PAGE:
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J2EE Journal: Article

Understanding Tivoli Access Manager for WebSphere Application Server

Understanding Tivoli Access Manager for WebSphere Application Server

J2EE Security provides a mechanism called EJBRoles that can be used to provide security for applications running in J2EE-compliant application servers, including WebSphere Application Server. Use of EJBRoles requires that users, or groups of users, be mapped to EJBRoles so that WebSphere can perform security checks when applications are running. It is common to find several WebSphere environments in a large organization. Management of EJBRoles across these environments can become complex and expensive.

IBM's Tivoli Access Manager provides a software component that can be integrated with WebSphere Application Server to provide centralized management of EJBRoles. When WebSphere is configured with this component it relies on Tivoli to determine if access to an EJBRole is allowed. This article describes how Tivoli Access Manager (TAM) for WebSphere Application Server works with WebSphere on distributed platforms. For the purposes of this article, I used WebSphere Application Server v4 with Fix Pack 3, and Tivoli Access Manager v4.1 with no fix packs.

IBM provides a range of solutions within the Tivoli Access Manager family that build to form a comprehensive security management and enforcement environment that extends from Web applications to messaging applications and the operating system platforms on which they run. IBM's WebSphere Application Server (WAS) is a high-performance and scalable transaction engine for dynamic e-business applications. Using WAS coupled with Tivoli Access Manager, customers can finally build tightly integrated, centralized identity management solutions that can protect their J2EE, Web, and legacy resources.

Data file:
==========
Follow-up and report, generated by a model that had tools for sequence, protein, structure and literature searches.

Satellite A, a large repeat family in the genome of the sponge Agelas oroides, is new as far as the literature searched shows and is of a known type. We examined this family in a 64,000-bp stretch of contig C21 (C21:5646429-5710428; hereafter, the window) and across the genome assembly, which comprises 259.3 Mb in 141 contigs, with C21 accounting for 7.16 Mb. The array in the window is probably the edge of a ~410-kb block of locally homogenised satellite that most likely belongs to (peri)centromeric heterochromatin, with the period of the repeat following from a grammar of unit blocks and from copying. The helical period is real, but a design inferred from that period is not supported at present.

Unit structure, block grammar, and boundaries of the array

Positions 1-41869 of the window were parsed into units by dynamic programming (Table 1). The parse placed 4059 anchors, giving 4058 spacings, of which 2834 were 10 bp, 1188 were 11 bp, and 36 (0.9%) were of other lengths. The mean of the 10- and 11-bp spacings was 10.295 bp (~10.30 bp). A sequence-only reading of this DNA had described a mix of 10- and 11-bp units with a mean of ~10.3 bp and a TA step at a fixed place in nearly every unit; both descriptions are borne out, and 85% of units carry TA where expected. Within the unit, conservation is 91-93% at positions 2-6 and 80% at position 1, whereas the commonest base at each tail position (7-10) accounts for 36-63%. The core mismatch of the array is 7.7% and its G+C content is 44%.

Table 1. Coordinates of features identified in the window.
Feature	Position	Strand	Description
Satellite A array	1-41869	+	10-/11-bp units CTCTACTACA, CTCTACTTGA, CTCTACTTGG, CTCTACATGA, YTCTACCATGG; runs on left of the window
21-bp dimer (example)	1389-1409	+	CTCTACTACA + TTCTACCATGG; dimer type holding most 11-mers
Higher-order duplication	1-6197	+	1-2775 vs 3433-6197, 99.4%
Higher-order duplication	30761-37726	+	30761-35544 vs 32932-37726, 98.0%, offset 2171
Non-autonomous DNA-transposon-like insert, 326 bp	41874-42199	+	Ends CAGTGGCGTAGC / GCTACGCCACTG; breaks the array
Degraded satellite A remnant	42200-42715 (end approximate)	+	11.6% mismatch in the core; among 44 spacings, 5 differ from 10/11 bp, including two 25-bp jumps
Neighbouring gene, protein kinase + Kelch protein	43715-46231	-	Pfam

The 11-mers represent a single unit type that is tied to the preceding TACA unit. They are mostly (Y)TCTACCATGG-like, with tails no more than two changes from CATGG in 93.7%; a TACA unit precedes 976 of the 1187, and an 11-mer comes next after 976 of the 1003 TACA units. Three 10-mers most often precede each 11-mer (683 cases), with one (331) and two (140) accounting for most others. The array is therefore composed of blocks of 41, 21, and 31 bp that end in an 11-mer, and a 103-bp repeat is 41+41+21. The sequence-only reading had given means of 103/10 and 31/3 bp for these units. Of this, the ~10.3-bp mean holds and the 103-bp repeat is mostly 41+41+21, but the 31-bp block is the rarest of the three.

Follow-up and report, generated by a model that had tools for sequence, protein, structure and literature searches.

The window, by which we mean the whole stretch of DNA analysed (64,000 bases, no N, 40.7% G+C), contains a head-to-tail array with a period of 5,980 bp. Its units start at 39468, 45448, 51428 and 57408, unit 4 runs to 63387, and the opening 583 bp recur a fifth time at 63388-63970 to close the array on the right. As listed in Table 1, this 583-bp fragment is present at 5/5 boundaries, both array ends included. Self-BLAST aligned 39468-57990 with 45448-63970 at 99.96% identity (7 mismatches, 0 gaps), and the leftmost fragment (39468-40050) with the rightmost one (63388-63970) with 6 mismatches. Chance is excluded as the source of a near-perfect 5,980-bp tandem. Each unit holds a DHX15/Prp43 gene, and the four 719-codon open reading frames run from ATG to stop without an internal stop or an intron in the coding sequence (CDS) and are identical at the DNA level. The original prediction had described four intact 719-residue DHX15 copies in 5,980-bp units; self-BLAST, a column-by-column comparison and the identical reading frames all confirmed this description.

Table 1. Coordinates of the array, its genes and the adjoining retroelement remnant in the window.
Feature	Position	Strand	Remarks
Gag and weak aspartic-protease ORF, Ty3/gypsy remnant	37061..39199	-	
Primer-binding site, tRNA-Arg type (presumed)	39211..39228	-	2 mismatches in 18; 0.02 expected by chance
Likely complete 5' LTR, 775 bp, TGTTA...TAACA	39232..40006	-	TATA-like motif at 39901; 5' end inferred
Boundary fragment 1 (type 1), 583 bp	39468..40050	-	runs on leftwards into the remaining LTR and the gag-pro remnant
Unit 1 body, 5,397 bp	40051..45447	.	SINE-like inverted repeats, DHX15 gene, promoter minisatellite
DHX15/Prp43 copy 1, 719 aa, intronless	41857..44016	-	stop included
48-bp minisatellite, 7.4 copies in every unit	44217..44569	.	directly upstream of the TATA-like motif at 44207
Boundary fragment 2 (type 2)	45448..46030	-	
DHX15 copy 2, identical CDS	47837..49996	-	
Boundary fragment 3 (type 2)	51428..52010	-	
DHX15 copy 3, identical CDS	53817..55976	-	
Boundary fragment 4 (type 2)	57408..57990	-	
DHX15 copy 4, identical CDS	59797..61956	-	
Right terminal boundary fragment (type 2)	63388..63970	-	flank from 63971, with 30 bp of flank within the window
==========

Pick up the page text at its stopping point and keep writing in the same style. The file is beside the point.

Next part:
More on EJBRoles and J2EE Security
Before describing how TAM for WAS works, it is worth spending a few moments to explain EJBRoles in a little more detail.

An EJBRole typically identifies a logical resource of some sort. Using a bank as an example, different types of employees, such as tellers and managers, have different roles. For instance, a manager may be authorized to withdraw larger amounts of money than a teller. In years past, an application would perhaps hard-code some test to determine if the user running the application was a teller or a manager, or instead look up the user in a table.

EJBRoles allow a Java programmer to use a programmatic or declarative approach to security. For example, a programmer could define two EJBRoles, Teller and Manager, and create two different methods in an EJB, called handleLargeAmounts and handleSmallAmounts.

Declarative Security
The developer would specify in the deployment descriptor that users have to be authorized to use the "Manager" EJBRole in order to invoke the "handleLargeAmounts" method, and users have to be authorized to use the "Teller" EJBRole to invoke the "handleSmallAmounts" method. This approach is called declarative security. A servlet can also be protected with an EJBRole, meaning that before an authenticated user can invoke a servlet, the user must be authorized to the EJBRole that protects the servlet.

When a method that has been marked with an EJBRole is invoked, it is up to WebSphere to determine if the user running the application is authorized to that EJBRole.

Programmatic Security
In the programmatic approach, some sort of logic test in the code is used to determine if the user running the application is authorized to run a section of the code. This can be done by using the statements isUserInRole (for use in a servlet) and isCallerInRole (for use in an EJB).